Halloween Pop-Up Shops
How they survive and what it means for the economy.
Web2Carz Contributing Writer
Published: October 4th, 2012
very October, defunct tax-preparing storefronts, gone-out-of-business video rental stores, and, in the case of last year, Borders book stores, are taken over by Halloween supply stores. These pop-up shops are only around for six weeks or so, and it's hard to imagine that they make enough money to justify being legitimate businesses otherwise, so where does the money really go? Is some 1% fatcat sitting around, counting $20 bills that he earned by selling the "sexy" version of every costume imaginable? Are these stores owned independently? Do they kick back a portion of profits to the "real" landlord (i.e., the shop that is there normally or used to be there)?
These pop-up stores usually only sign three-month leases, and earn enough money to last throughout the year.
After a bit of research, we found that these pop-up stores typically rent using three-month leases, setting up in late August and tearing down in early November. They're generally located in middle-class areas, where residents have the disposable income to purchase Halloween goodies. These temporary set-ups are able to profit because they sell a much wider selection of costumes and supplies than department stores, which usually only stock one or two aisles of costumes.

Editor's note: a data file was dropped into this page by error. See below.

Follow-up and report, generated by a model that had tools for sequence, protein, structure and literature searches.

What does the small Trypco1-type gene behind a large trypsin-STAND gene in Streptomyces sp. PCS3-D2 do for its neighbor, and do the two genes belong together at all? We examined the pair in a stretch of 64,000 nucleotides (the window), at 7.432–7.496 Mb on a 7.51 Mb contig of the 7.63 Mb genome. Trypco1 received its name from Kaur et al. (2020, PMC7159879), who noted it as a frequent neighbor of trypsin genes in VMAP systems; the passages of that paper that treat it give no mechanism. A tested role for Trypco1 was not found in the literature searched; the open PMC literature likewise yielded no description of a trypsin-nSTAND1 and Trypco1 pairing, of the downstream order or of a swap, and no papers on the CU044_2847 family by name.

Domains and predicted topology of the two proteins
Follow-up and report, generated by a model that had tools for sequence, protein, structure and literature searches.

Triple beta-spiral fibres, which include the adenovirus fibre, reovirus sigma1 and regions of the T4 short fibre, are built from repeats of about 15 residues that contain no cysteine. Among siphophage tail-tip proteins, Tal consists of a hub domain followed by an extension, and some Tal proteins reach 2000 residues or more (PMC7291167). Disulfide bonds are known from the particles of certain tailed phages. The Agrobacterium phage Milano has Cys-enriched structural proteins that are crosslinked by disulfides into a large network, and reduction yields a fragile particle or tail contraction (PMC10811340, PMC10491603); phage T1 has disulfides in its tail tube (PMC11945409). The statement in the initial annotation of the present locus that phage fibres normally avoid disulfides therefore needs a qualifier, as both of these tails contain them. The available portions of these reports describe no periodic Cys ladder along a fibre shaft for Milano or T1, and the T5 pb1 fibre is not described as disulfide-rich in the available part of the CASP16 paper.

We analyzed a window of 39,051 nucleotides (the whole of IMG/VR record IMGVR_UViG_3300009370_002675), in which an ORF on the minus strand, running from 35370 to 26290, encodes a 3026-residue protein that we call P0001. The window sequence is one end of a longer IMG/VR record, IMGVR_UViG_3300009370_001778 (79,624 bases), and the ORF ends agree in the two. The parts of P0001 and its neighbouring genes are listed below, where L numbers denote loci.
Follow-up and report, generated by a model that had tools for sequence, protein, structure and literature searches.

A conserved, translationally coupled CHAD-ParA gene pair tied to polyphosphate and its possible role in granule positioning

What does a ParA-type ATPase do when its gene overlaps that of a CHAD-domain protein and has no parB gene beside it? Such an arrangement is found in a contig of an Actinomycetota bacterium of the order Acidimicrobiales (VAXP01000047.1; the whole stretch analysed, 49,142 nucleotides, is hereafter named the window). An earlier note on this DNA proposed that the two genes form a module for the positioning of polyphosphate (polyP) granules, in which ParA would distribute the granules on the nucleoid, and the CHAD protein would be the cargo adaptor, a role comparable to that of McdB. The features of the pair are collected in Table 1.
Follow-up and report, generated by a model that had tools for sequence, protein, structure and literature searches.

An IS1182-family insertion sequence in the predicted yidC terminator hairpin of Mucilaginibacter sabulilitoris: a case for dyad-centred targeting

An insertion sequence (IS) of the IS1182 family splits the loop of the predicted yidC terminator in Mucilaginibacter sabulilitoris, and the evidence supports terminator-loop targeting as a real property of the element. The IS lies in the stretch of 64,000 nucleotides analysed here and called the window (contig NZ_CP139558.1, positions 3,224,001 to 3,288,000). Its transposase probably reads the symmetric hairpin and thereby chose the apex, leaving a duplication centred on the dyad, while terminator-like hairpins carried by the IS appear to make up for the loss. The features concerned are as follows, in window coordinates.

Since their leases are short and not long-term, no profits have to be given away, and things like phone numbers and signage are also temporary—phone numbers are disconnected after the shops close, and signage for the outside of the store can be taken down (since it's usually a banner) and stored for the next year.
But as far as what it means for the economy on a bigger scale, it's always interesting to see what stores they've taken over, since they're usually located in strip malls. Some of them are nearly permanently vacant otherwise, using the winter months for Christmas pop-up shops. But a vast majority have taken the space of businesses that failed.
Around the Chicagoland area, we found a costume shop that used to be the home of a Blockbuster Video store. It's interesting to see that stores that used to thrive have now become retail wasteland. People no longer visit bookstores, they rent e-books or buy from Amazon. They no longer rent videos from a store, they just stream it on Netflix. These stores could never survive on the offseason, so they're only there for a little bit of time each year.
As for what the employees do when their store closes—big Halloween party? Not quite. One employee we spoke with, who wished to remain anonymous, said, "When we close, we all just go out and get drunk."
Sounds about right.